The US Supreme Court has struck down race-based college admissions in a 6-3 decision. The case, Students for Fair Admissions v. Harvard, was brought by a group of Asian American students who argued that Harvard’s admissions process discriminated against them on the basis of race. The Supreme Court agreed, ruling that Harvard’s use of race as a factor in admissions was not narrowly tailored to achieve a compelling government interest.
The decision is a major setback for affirmative action, which has been used by colleges and universities for decades to increase diversity on their campuses. It is also likely to have a significant impact on admissions at elite colleges, which are already facing pressure to enroll more students from disadvantaged backgrounds.
The Supreme Court’s decision is likely to be met with mixed reactions. Supporters of affirmative action argue that it is a necessary tool to address the legacy of racial discrimination in the United States. They also argue that it helps to create more diverse and inclusive college campuses, which are essential for preparing students for the 21st century workforce.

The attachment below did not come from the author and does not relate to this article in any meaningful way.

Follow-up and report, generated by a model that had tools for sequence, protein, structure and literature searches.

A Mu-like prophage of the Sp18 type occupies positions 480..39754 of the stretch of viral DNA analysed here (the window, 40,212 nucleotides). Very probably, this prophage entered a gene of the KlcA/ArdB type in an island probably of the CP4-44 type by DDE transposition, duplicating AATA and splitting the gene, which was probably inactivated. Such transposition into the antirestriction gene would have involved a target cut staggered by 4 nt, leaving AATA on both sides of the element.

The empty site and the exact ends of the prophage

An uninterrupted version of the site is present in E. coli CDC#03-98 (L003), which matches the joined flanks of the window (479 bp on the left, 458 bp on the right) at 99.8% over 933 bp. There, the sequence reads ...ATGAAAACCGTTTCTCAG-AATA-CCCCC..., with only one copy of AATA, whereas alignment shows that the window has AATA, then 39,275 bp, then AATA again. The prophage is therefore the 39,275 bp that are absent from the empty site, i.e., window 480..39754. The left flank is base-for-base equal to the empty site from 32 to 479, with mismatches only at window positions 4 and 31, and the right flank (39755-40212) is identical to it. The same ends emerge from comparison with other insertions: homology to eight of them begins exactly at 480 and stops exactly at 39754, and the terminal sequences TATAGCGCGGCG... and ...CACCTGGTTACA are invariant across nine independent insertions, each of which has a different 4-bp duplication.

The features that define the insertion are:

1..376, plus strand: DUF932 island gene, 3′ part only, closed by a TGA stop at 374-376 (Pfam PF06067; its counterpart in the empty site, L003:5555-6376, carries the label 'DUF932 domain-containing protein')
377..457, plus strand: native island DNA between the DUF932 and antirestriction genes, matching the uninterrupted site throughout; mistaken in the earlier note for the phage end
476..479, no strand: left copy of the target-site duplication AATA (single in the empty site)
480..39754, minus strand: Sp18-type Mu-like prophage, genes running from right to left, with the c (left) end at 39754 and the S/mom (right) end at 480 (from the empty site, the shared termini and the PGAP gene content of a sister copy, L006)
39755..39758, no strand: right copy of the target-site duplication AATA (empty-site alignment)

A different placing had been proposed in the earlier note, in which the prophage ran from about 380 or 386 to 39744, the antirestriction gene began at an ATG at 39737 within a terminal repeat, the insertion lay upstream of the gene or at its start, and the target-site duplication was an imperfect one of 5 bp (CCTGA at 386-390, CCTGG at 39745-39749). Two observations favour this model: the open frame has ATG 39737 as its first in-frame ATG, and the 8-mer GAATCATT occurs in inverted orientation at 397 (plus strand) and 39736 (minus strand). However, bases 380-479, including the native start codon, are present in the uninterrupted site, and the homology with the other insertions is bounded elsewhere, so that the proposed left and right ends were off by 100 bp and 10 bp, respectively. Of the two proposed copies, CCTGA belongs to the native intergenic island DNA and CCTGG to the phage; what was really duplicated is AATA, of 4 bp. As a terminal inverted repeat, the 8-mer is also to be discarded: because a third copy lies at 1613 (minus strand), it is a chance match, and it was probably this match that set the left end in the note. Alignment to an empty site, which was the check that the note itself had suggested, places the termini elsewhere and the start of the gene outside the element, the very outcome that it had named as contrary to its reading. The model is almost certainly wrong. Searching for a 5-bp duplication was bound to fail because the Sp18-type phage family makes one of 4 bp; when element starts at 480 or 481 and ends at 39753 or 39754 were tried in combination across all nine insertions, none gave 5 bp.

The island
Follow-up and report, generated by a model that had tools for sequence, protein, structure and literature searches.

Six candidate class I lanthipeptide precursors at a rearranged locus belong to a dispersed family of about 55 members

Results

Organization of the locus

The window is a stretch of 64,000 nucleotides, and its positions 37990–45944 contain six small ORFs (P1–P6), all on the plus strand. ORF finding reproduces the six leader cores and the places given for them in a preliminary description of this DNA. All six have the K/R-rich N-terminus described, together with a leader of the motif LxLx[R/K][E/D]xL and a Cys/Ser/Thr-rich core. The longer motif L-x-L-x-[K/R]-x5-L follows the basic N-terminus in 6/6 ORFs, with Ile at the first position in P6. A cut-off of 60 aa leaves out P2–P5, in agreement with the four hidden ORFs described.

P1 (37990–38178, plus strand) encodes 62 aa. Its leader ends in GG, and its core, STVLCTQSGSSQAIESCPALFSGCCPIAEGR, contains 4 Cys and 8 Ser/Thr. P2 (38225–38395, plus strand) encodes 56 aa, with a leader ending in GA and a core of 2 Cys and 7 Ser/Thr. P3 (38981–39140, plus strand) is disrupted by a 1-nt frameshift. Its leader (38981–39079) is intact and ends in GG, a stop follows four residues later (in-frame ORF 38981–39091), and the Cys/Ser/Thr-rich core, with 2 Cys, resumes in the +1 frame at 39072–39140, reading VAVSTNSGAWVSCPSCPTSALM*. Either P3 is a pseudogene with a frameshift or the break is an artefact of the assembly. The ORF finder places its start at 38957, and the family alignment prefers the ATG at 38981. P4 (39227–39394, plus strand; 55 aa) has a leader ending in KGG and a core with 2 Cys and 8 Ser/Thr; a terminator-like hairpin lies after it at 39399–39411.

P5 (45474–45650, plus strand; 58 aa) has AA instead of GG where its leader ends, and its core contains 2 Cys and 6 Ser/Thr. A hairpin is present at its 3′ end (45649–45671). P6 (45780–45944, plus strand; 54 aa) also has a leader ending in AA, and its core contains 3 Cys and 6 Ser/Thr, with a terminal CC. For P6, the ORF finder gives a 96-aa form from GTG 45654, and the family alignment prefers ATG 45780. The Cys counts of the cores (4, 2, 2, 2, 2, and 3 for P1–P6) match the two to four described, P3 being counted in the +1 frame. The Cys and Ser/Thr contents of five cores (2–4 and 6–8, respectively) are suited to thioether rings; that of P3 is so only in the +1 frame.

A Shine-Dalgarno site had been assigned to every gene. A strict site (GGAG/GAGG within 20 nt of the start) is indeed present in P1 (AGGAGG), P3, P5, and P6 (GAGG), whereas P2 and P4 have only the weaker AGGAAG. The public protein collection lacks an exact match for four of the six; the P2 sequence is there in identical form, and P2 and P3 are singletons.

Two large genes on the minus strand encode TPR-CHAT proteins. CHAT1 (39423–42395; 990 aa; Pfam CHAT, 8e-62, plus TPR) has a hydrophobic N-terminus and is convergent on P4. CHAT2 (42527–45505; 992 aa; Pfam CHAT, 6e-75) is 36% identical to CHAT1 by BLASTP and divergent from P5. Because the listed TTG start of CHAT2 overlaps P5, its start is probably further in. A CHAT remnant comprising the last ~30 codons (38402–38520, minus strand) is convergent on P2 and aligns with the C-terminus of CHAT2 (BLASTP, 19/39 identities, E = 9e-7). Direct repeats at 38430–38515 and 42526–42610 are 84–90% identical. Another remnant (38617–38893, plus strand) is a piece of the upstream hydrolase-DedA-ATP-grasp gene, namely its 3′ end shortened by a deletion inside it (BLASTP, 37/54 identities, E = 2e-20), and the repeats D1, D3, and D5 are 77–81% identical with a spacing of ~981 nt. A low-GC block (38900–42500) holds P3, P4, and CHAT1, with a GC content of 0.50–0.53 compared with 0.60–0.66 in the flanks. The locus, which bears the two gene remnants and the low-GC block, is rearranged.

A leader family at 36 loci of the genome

Opponents of affirmative action argue that it is unfair to use race as a factor in admissions, and that it gives an unfair advantage to minority applicants. They also argue that it can lead to reverse discrimination, in which qualified white and Asian American applicants are denied admission to colleges in favor of less qualified minority applicants.
The Supreme Court’s decision is likely to spark a new round of debate about affirmative action in the United States. It is also likely to lead to new legal challenges to affirmative action policies at colleges and universities.